How do I go about prepping wood for edge joing boards...

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Forum topic by MK19 posted 05-18-2010 03:31 AM 1443 views 0 times favorited 13 replies Add to Favorites Watch
View MK19's profile


9 posts in 2926 days

05-18-2010 03:31 AM

without a jointer? I have been looking at a few used 6” jointers, but is there a way I can accomplish this without one? This is my first attempt at joining boards to make a cabinet door, so any and all help is appreciated!


13 replies so far

View juniorjock's profile


1930 posts in 3728 days

#1 posted 05-18-2010 03:39 AM

Sure, lots of ways. You can edge joint with a router table.
- JJ

View Broglea's profile


684 posts in 3053 days

#2 posted 05-18-2010 03:45 AM

If you have a hand plane you can achieve the same results (or maybe better) as with a jointer. And its a lot more fun making shavings with a hand plane than using a jointer.

View a1Jim's profile


117060 posts in 3539 days

#3 posted 05-18-2010 03:50 AM

A joiner is a good investment but you can joint with out one . There are a number of you tube demos on how to joint on the router table.

-- wood crafting & woodworking classes

View Chris Wright's profile

Chris Wright

540 posts in 3444 days

#4 posted 05-18-2010 03:56 AM

I’ve gotten good edges for joining off of a table saw.

-- "At its best, life is completely unpredictable." - Christopher Walken

View MK19's profile


9 posts in 2926 days

#5 posted 05-18-2010 07:05 AM

I have an old Powr-Kraft table saw that when I use a 12” blade, I have to use a 5/8 to 1” adaptor, as it has a 5/8 arbor- the result being some minor vibration for my cuts (see not incredibly straight). I guess I can go down to a 10” blade to resolve that until I sort out my arbor issues. Also, I found a guy with a small 4” Craftsman jointer for $40- going to look at it tomorrow. Here’s the CL ad:

The wood fence looks odd, but he replied that “The fence has been furred out with the piece of wood in the pictures. The fence tilts and locks into place.” Is this something to worry about, as I will mostly use this for edging pieces. Thanks again!!!

View jtlighting's profile


27 posts in 2893 days

#6 posted 05-18-2010 07:59 AM

that thing looks like it will cost more than 40 bucks to get it working good if i were u id just make a jig to join edges using my table saw theres plenty of articles on this all u have to do is google tablesaw joiner jig and u will get plenty of alternate methods using ur tablesaw


View Brandon's profile


4152 posts in 2914 days

#7 posted 05-18-2010 08:09 AM

I’ve been using my router table as a jointer with pretty good results. Here’s a helpful explanation of the process:

-- "hold fast to that which is good"

View MK19's profile


9 posts in 2926 days

#8 posted 05-18-2010 09:03 AM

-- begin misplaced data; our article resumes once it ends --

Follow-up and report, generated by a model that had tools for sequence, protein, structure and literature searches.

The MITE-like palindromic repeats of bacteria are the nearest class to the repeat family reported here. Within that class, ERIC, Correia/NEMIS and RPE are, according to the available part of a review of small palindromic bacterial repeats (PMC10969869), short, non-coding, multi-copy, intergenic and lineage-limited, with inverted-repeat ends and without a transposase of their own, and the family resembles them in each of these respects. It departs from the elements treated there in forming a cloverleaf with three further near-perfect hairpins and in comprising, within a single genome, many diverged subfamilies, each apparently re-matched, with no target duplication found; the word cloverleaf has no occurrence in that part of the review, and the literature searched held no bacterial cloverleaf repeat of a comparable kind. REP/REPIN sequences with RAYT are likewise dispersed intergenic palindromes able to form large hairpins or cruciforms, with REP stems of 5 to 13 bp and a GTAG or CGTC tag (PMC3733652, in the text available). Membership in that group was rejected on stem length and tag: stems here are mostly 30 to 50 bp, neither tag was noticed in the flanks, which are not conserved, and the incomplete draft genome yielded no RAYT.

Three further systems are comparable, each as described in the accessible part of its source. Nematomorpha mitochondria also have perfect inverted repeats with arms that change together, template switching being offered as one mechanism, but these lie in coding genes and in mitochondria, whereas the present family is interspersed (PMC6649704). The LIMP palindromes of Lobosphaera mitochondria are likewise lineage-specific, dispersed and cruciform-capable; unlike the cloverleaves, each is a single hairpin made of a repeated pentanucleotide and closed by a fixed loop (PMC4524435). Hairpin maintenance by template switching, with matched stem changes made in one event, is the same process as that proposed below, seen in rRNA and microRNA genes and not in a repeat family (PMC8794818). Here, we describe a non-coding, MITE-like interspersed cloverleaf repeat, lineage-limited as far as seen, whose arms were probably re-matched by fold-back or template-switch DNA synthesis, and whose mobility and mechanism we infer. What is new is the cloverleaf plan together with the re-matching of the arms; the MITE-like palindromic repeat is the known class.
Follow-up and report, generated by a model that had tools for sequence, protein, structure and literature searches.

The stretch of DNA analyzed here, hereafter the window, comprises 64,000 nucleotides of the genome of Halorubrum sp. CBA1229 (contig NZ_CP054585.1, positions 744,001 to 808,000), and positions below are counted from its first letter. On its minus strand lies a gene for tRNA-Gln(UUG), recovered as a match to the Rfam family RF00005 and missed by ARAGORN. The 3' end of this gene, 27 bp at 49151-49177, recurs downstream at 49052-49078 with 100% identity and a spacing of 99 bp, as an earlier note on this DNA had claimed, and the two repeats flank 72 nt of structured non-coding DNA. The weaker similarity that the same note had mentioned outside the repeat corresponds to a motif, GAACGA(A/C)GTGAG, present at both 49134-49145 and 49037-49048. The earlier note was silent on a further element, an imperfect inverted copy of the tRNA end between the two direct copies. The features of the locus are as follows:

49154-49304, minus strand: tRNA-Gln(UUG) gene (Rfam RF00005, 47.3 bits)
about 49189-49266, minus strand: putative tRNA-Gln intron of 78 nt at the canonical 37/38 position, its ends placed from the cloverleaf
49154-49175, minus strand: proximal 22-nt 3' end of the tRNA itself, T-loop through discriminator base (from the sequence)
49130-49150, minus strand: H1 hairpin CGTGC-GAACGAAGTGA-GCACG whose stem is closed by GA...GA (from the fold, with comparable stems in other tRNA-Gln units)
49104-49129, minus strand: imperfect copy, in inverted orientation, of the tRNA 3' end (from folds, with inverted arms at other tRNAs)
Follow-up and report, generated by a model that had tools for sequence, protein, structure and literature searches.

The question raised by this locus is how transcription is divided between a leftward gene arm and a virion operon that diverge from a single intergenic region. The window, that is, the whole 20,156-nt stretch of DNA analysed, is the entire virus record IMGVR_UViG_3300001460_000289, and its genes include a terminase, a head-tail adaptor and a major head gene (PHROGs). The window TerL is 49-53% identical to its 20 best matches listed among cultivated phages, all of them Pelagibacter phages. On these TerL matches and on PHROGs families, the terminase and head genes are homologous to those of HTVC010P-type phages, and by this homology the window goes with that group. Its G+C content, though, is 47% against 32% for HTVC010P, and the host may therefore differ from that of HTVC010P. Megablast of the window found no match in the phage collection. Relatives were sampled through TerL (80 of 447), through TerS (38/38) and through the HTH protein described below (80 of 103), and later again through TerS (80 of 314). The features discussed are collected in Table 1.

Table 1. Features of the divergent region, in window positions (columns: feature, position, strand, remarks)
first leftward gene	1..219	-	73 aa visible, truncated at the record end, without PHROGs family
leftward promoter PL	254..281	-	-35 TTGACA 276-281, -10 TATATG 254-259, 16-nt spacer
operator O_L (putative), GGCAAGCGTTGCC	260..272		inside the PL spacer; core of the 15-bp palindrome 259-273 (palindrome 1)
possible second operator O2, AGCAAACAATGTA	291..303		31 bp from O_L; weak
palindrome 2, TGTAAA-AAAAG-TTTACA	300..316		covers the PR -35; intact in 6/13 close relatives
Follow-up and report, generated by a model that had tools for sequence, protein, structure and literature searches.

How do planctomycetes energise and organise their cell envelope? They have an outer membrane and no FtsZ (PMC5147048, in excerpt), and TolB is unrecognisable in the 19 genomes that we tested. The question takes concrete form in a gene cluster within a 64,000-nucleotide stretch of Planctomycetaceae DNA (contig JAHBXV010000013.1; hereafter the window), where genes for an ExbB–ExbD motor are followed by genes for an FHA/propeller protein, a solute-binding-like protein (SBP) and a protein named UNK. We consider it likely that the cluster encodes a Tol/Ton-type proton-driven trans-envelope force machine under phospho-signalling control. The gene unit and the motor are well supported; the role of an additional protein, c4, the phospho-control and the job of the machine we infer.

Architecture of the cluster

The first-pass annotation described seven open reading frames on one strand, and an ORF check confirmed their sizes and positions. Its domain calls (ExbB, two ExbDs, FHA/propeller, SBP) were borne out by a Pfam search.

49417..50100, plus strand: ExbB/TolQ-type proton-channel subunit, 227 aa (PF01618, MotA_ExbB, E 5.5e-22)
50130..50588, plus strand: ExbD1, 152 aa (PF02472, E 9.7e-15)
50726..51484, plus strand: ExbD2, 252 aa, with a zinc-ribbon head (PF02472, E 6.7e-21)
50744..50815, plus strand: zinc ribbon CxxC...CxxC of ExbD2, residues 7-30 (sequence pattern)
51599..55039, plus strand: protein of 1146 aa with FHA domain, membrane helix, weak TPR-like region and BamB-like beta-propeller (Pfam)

Thanks Brandon, that router setup looks simple!!!

View Dennisgrosen's profile


10880 posts in 3078 days

#9 posted 05-18-2010 11:14 AM

simply the old fashion way , without killing electrons
do it with a jointerplane , it fast and reliable every time

View Eric_S's profile


1565 posts in 3158 days

#10 posted 05-18-2010 01:22 PM

While I wish I had a jointer for flattening the faces of boards, I enjoy edge jointing by hand with a hand plane no 5 or 7. By the time you set up your router table for the right cut, I’ll already be done with squaring an edge by hand….as long as I already have one face flat first.

Plus, fold the two pieces that need to be glued together and edge joint them together, you don’t even really have to worry about it being totally square since the two edges will negate each other (think geometry: 180 degrees, if you have one angle that 89 degrees then the other one will be 91) so it will still be square when glued together.

-- - Eric Noblesville, IN

View Cory's profile


760 posts in 3382 days

#11 posted 05-18-2010 03:22 PM

I use a simple sled that rides in my miter slot on my table saw. It’s fashioned after this one from Rockler:

I made mine from 3/4” plywood and some t-track. Works like a charm with a glue line rip blade. The only drawback is that it really only works with short pieces (less than 36”). Check out this tip for longer pieces:

-- The secret to getting ahead is getting started.

View PurpLev's profile


8534 posts in 3611 days

#12 posted 05-18-2010 03:49 PM

I’ll second Eric – handplane, joint both boards at the same time, so any error will be cancelled out in the 2nd mating edge. Although it’s not that hard to get those edges nice and square with some practice. otherwise – the router table is another good solution. or a following with a freehand router against a straight edge.

-- ㊍ When in doubt - There is no doubt - Go the safer route.

View Eric_S's profile


1565 posts in 3158 days

#13 posted 05-18-2010 03:57 PM

Yeah getting two edges square isn’t difficult, but does take a little practice, so for a beginner doing two together might be easier. I’ve noticed my edges while jointing would tend to lean a little to the left, but if I guide the plane with my finger on the face of the board resting up against the sole of plane I get square edge easily.

-- - Eric Noblesville, IN

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